Sister (L’enfant d’en haut)

Sister, by the Franco-Swiss director Ursula Meier (Home), achieves its considerable effects at least partly by misdirection. Set during the Christmas season, it offers up a bitter irony in its French title, L’enfant d’en haut or The Child from On High, which helps steer the more simple-minded sort of movie-goer (and movie critic — see Manohla Dargis in The New York Times for example) towards seeing the movie as a sort of political tract about that left-wingers’ favorite subject, “income inequality.” But it’s not really about income inequality at all, except insofar as such inequality betokens a much greater, much more serious kind of inequality: the moral and spiritual kind whose American counterpart has recently been adumbrated by Charles Murray in his book, Coming Apart.

Ms Meier’s hero, twelve-year-old Simon (Kacey Mottet Klein) lives in relative penury down in a Swiss valley with Louise (Léa Seydoux), his slutty ne’er-do-well older sister. There are vague and uncertain accounts of what happened to their parents. With the help of a season pass, Simon daily ascends on high to the posh ski-resorts above, in which god-like realm he steals and sells expensive ski-equipment to support his and Louise’s hand-to-mouth existence in the very different world below. To a certain kind of mind, the very presence — on film, at least, since the actual place would be read somewhat differently — of a playground for the idle rich, particularly when there is a clearly-drawn contrast with the less fortunate outside its boundaries, contains within its splendidly visual luxury an entire political narrative that scarcely needs spelling out. But beneath this obvious surface, Ms Meier is actually doing something rather different and more interesting than illustrating why we ought to tax the rich.

For Simon, in spite of his larcenous career, is desperately trying to impose a strangely familiar moral template on his chaotic existence. Louise, who drifts from one menial job to another and often disappears for days at a time with some new man, is the more childish of the two and has come to depend on the money Simon brings in from his black market dealings to keep their little household intact. Simon willingly embraces the role of provider for them both and, in fact, actively subverts Louise’s attempts either to play a more responsible role herself or to bring an adult male protector into their relationship as a more appropriate head of the family, as she presumably sees it. Having assumed that role for himself, Simon doesn’t want to give it up to a stranger. Nor does he want Louise to break the bond of dependency he has established between them. So long as she needs the money he brings in to their cramped little apartment, so long will she have to trade for it the only love he has ever known.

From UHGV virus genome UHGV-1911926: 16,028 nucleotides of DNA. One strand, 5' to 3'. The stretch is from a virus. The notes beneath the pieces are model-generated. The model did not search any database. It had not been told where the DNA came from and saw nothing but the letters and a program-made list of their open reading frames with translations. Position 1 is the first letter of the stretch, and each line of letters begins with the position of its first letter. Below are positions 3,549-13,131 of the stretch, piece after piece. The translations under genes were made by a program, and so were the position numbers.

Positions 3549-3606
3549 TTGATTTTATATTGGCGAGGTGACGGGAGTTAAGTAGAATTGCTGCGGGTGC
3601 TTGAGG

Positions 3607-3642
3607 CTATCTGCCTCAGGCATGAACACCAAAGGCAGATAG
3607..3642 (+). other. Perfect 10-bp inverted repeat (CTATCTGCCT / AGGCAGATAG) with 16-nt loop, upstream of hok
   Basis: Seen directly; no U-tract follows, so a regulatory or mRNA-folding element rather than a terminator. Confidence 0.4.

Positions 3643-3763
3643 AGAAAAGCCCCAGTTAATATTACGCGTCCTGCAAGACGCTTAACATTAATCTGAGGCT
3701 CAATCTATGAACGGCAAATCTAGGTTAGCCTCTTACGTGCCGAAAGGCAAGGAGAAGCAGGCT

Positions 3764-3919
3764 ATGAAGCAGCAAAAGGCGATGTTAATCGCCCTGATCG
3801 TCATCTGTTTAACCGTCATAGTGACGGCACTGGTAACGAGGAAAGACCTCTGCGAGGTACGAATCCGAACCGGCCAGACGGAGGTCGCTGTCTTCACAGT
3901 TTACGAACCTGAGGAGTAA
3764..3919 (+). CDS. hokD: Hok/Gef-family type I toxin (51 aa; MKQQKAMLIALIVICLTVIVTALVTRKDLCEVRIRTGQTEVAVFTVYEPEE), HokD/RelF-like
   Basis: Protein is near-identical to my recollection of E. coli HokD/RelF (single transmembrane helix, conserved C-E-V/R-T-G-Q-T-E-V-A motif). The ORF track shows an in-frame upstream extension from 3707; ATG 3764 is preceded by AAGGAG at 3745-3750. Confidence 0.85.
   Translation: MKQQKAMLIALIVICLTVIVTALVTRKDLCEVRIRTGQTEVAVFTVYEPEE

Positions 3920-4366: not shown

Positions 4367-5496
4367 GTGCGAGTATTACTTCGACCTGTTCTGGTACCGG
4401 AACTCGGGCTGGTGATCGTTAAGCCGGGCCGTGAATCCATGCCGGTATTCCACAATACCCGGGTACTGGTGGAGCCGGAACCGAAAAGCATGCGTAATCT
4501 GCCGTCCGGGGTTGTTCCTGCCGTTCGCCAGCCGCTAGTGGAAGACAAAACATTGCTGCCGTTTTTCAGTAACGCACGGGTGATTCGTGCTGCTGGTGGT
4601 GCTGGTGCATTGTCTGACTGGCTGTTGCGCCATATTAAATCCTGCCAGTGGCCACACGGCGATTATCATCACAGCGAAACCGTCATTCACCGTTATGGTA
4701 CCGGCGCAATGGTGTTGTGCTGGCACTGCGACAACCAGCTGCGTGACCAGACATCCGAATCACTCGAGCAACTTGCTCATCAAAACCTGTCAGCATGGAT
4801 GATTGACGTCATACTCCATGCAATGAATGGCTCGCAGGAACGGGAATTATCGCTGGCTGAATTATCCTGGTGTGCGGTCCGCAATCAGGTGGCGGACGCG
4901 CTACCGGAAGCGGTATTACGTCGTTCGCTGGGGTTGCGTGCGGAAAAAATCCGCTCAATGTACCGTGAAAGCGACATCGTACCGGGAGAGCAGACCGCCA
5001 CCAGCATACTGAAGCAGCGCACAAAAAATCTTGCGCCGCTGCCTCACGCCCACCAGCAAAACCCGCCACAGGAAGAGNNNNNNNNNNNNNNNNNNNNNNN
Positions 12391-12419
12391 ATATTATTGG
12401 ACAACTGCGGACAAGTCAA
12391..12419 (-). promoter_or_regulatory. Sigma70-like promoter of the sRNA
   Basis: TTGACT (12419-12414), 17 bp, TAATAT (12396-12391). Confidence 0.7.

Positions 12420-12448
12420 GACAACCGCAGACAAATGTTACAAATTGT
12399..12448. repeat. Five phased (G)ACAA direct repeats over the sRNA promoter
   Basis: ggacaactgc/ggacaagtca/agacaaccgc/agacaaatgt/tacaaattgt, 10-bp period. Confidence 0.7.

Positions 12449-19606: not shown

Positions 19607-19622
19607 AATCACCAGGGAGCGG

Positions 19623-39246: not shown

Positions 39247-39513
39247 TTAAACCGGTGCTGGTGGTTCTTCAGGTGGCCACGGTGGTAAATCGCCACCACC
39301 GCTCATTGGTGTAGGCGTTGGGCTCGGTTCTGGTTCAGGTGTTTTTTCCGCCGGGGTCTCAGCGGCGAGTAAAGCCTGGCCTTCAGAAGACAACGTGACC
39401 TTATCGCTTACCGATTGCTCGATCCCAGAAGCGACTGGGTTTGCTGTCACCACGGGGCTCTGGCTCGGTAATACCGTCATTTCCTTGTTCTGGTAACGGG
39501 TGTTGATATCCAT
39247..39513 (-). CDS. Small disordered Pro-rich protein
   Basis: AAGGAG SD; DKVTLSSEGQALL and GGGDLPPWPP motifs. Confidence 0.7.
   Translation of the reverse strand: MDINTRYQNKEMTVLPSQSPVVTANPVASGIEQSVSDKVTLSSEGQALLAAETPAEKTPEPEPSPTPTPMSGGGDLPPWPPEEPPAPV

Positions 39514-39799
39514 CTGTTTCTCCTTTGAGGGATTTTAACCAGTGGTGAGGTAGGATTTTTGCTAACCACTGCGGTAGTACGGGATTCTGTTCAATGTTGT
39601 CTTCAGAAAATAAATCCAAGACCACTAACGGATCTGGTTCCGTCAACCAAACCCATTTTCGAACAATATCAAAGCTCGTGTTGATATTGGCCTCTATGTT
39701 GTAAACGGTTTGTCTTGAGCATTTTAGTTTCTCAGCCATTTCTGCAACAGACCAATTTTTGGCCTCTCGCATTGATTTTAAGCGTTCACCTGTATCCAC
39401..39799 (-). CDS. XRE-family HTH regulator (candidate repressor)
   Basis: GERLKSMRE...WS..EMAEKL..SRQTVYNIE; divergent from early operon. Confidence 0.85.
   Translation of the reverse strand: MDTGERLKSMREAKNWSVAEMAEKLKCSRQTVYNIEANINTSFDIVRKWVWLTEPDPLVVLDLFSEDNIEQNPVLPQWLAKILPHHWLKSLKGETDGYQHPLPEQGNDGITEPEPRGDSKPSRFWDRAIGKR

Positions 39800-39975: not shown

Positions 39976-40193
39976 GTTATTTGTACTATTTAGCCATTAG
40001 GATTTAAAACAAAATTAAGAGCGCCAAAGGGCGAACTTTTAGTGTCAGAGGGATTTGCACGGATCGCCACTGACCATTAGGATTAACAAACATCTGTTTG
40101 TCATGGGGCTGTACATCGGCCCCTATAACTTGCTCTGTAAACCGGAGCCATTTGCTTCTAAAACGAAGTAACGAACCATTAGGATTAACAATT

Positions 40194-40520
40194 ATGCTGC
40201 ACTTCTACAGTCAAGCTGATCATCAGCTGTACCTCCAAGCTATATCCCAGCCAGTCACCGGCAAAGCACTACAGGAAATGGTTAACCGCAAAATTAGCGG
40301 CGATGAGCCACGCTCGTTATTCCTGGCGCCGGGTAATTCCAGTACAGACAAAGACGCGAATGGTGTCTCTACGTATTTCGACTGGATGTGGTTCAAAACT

There is one heart-breaking scene in which he offers her every penny of his ill-gotten gains in exchange for being allowed to lie down beside her in bed and cuddle. The otherwise bovine Louise understands well enough how the sexual economy works, even when there is no “sex,” as we and the movies habitually understand the term, involved. But there is a momentary consciousness, a distant memory perhaps, of the way in which custom once made use of its irreducible reality for socially more useful and emotionally more satisfying purposes. A similar moment comes to Simon when a rich Englishwoman (Gillian Anderson) mistakes him for another one of the rich kids at the resort and one who might like to play with her children. The awkward eagerness with which he tries on, as it were, the role of child rather than that of premature paterfamilias is equally touching.

Again and again he tries to imagine a way out of the grim necessity of the difficult and degrading but better-than-nothing life he has helped to make for himself and his sister out of desperately unpromising materials, and again and again he is unable to find the way. It’s almost as if the parody of the traditional family that the two of them have created has the family’s own gravitational pull on them — which to some extent it clearly does. Ms Meier’s eye, and that of her director of photography, Agnes Godard, is therefore not so much on the gap between rich and poor as on what it stands for in terms of social cohesion versus social breakdown. I think she also sees how the moral force of traditional relations between the sexes, and between parent and child, somehow manages to reassert itself in even the most appallingly disordered circumstances and is not just a luxury that only the rich can afford.

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